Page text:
Postcards From Pismo by Michael Scotto

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Synopsis

Postcards From Pismo is the story of Felix Maldonado, a sensitive ten-year-old living in the central coast region of California. What begins as a school project blossoms into a powerful friendship when Felix writes a letter to an American soldier serving in Afghanistan. Their pen pal friendship grows more important than ever when Felix's older brother, Quin, enlists in the military to raise money for college. Told entirely through Felix's letters, emails, and postcards to the soldier, the novel traces the boy's growth as he grapples with bullies, the fear arising from his brother's enlistment, and the meaning of bravery itself. Humorous, timely, and deeply moving, this unforgettable tale is not to be missed.

Praise for Postcards from Pismo
"An uncomplicated but fervent and timely show of support."
 - Kirkus Reviews
"A heartwarming story...this believable and timely tale will engross even reluctant readers...Highly recommended."
 - School Library Journal
 

About Michael Scotto

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Michael Scotto has worked as a filmmaker, a saxophone player, and an engineer's assistant, but his true passion has always been writing. He earned a degree in creative writing from Carnegie Mellon University in 2004, and he received his MFA in dramatic writing there in 2007. Today, he is the author of the Tales of Midlandia picture book series, as well as the middle-grade novel Latasha and the Little Red Tornado. In his spare time, he enjoys cooking, photography, and working on his house. He currently lives with his wife and their very naughty dog, in Pittsburgh, Pennsylvania, where in 2011 he was honored for his civic contributions as an author and youth education advocate. Postcards from Pismo is his second novel.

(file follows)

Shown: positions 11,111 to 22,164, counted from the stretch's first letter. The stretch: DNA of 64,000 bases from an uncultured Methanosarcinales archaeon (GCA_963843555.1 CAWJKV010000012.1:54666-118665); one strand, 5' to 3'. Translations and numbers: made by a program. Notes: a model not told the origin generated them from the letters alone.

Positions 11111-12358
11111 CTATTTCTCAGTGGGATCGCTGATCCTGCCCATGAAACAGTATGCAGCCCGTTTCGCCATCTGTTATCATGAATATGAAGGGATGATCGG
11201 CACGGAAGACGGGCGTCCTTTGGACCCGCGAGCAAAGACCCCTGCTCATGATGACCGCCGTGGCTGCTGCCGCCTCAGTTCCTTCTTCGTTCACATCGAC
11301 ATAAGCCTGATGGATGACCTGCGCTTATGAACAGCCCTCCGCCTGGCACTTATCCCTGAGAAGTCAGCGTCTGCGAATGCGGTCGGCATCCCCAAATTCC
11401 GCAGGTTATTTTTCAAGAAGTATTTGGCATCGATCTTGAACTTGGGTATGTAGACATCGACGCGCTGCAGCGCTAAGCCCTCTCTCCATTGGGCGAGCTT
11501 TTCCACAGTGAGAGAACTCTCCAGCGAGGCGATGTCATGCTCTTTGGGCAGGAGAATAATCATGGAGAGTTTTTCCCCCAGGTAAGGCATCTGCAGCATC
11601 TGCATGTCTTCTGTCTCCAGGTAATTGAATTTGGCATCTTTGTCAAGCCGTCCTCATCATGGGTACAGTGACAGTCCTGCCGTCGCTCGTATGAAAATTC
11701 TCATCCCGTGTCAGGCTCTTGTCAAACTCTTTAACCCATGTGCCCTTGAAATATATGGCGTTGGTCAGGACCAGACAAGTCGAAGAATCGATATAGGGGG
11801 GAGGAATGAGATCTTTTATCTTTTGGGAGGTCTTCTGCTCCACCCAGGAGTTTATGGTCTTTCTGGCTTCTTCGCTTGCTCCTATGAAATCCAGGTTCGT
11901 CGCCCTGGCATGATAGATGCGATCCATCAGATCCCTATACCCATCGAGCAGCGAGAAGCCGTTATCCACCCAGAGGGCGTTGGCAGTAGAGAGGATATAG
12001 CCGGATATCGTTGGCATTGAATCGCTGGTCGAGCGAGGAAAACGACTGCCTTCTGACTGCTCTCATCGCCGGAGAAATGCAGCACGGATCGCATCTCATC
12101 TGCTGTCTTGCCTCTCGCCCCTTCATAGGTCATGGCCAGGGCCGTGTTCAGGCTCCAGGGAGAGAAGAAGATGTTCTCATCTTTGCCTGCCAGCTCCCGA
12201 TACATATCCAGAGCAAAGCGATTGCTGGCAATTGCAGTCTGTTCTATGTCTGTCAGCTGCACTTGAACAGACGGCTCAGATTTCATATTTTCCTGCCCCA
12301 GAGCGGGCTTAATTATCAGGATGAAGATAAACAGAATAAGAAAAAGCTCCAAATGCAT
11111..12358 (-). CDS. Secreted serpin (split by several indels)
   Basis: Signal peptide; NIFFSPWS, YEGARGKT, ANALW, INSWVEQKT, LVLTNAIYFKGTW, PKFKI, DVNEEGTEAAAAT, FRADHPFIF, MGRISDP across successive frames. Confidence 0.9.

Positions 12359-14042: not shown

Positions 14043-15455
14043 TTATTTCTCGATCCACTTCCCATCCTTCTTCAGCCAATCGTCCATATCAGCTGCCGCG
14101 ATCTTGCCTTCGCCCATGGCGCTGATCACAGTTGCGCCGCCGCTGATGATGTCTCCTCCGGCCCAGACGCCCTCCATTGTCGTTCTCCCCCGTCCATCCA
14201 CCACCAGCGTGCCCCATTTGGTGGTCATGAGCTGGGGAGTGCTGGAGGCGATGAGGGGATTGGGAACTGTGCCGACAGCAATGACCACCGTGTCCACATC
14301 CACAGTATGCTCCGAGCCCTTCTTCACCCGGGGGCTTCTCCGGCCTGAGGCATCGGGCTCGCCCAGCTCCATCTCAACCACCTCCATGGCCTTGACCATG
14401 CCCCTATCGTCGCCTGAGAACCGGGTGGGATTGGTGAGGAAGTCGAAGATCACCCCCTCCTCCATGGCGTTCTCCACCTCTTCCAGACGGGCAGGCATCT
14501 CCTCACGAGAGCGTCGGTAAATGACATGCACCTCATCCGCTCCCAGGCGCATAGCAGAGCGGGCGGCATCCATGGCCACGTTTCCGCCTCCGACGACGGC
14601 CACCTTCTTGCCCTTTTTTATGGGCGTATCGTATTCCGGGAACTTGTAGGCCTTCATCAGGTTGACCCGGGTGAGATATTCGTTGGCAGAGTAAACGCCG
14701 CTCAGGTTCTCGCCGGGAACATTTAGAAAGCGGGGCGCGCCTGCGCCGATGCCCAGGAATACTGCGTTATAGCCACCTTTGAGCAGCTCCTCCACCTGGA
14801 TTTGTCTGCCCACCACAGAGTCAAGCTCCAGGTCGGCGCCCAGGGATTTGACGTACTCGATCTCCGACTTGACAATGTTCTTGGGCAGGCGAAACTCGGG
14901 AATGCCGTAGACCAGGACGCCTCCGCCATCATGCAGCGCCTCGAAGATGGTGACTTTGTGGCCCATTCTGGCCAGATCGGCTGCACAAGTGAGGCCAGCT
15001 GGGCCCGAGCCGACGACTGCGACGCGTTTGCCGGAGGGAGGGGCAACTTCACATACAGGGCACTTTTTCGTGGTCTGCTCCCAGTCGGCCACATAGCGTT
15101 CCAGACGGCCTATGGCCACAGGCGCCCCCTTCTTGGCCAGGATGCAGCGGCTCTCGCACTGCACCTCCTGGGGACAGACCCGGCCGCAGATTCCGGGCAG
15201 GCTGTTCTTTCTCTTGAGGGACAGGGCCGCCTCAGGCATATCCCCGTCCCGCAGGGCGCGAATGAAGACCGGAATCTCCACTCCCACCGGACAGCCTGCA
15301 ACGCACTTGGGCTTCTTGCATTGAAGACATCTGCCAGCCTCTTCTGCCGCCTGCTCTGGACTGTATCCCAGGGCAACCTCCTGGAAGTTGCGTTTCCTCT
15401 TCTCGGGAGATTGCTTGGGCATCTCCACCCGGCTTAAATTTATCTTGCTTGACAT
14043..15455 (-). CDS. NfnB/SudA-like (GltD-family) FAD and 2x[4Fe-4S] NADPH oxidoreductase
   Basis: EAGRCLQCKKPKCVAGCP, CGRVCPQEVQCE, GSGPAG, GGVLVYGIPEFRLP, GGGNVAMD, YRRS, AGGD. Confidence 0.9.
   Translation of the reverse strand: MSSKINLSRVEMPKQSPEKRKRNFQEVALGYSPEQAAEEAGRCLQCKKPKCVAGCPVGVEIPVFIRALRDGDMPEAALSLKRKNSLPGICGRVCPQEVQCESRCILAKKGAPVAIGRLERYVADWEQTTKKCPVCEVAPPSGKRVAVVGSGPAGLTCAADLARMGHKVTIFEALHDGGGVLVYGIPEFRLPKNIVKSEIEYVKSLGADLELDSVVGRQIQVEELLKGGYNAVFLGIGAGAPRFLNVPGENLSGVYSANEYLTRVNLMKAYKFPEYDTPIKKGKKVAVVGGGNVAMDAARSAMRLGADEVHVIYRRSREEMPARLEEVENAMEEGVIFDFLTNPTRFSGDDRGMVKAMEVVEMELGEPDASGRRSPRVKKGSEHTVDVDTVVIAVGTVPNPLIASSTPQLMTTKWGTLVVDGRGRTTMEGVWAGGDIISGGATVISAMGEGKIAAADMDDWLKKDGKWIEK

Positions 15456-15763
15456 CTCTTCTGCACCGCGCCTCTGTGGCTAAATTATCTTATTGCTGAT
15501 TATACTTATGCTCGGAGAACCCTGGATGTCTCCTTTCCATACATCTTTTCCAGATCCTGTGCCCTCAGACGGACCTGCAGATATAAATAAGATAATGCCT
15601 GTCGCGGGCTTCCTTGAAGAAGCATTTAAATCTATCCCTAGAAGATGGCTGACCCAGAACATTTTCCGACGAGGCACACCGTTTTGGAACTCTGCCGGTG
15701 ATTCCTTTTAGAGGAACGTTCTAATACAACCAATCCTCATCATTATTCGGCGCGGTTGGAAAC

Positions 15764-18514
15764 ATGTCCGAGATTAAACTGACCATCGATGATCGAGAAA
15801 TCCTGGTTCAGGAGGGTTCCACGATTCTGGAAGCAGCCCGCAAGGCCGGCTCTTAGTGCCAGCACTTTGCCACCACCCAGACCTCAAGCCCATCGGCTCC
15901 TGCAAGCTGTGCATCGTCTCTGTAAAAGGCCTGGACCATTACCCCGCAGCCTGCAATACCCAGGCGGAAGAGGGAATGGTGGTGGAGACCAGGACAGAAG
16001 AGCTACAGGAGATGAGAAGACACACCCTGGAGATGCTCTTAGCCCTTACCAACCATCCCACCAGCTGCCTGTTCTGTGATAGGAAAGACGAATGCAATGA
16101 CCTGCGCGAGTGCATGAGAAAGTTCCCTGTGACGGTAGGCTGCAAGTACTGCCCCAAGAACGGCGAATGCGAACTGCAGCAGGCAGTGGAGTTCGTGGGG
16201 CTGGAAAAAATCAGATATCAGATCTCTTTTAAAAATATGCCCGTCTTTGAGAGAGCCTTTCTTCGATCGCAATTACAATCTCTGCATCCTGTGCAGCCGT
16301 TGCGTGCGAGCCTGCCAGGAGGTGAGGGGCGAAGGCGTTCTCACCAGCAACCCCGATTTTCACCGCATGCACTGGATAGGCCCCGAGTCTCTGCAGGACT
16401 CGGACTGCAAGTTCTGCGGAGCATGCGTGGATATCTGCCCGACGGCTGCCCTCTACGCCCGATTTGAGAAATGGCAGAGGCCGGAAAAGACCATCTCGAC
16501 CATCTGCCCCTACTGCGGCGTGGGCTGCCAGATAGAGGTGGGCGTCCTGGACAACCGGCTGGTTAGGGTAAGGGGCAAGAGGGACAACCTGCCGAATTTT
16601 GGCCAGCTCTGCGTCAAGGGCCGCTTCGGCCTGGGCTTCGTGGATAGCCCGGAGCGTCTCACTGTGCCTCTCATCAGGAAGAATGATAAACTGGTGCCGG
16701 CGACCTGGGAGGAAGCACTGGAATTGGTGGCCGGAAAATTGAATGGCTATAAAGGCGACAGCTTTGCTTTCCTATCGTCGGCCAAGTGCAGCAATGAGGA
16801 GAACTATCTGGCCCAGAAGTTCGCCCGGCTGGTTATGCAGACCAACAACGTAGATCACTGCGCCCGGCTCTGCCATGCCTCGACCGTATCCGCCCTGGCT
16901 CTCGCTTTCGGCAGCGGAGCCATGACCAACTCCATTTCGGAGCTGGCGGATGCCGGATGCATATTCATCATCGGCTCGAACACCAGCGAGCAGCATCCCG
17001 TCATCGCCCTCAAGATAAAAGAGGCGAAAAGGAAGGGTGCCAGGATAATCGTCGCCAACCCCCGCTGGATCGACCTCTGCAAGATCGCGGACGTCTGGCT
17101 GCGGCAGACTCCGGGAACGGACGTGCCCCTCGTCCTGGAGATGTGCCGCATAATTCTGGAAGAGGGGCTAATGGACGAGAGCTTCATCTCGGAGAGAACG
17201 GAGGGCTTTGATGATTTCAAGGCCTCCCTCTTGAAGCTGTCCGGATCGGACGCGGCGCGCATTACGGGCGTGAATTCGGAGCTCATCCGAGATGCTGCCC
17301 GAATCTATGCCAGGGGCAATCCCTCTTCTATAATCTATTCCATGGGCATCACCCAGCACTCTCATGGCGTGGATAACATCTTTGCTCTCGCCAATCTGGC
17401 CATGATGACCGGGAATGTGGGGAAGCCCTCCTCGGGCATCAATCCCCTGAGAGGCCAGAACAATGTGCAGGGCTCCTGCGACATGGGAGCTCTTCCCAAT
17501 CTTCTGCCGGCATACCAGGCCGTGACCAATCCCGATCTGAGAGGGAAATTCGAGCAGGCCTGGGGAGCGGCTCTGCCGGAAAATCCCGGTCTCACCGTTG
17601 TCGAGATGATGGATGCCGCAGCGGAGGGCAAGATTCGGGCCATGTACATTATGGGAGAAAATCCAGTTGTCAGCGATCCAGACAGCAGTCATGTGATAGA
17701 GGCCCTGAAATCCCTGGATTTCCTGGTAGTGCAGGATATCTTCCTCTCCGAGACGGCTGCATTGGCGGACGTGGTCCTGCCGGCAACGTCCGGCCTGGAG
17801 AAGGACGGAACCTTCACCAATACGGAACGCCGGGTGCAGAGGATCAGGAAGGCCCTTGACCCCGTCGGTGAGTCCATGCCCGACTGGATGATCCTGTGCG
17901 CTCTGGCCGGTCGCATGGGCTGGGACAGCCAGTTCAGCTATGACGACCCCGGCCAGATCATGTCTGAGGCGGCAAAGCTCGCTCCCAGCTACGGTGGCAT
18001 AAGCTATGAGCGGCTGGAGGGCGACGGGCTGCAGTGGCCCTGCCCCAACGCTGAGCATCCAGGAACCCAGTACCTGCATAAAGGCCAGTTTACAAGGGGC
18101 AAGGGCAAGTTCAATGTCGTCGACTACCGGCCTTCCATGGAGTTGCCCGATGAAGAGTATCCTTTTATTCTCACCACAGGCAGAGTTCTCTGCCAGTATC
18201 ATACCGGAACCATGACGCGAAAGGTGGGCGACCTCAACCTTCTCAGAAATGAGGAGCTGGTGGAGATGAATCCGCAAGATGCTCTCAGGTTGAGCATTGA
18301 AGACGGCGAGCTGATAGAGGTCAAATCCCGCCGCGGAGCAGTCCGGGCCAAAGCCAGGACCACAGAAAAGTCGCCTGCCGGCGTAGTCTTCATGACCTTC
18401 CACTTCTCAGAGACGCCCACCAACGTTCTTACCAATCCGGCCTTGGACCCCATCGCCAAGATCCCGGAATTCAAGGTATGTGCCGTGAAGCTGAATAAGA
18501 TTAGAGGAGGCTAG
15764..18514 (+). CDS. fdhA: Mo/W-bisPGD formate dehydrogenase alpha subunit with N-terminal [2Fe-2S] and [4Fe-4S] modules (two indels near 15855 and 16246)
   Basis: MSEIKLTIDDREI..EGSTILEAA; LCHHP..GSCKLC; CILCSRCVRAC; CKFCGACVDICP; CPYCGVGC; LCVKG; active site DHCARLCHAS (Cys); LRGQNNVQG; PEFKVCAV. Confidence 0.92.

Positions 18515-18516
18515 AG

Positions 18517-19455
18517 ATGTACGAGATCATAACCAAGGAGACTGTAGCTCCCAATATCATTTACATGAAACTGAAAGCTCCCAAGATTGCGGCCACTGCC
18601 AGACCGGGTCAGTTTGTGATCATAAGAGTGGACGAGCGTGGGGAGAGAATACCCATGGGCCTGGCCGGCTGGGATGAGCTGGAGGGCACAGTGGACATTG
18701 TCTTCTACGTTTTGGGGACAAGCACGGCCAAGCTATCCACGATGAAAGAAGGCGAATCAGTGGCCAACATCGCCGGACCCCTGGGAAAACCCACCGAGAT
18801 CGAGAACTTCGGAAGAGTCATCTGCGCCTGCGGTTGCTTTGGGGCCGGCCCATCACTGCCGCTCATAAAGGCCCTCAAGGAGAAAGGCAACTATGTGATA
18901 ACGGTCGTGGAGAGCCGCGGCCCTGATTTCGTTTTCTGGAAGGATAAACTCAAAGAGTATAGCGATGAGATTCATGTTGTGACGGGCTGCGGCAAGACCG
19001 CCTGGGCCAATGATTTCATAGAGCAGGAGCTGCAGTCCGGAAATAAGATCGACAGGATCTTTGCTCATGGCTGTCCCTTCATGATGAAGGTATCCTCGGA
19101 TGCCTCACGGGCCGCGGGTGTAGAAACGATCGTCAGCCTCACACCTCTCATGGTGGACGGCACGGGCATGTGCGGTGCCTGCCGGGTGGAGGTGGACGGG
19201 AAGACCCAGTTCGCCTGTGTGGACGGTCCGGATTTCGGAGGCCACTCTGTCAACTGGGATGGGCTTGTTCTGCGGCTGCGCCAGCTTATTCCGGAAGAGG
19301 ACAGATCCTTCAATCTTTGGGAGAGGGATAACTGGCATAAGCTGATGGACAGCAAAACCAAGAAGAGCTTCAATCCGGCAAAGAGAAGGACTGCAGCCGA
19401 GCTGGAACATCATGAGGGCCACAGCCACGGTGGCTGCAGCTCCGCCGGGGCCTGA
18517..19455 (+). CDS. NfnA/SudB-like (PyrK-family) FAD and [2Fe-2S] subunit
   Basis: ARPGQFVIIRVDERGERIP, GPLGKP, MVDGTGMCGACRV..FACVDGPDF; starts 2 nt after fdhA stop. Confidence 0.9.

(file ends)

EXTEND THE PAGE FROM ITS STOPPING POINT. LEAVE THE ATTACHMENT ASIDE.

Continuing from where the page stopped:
Published May 15, 2012 by Midlandia Press. 182 pages
Genres: Children's Books.

Unrated Critic Reviews for Postcards From Pismo

Kirkus Reviews

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In the end Greene remains a shadowy stand-in for any soldier, while Felix comes across clearly as an everylad modeling a high level of respect for what his adopted pal is doing, as well as the anxiety common to any family who has a member in today’s armed forces.

May 15 2012 | Read Full Review of Postcards From Pismo

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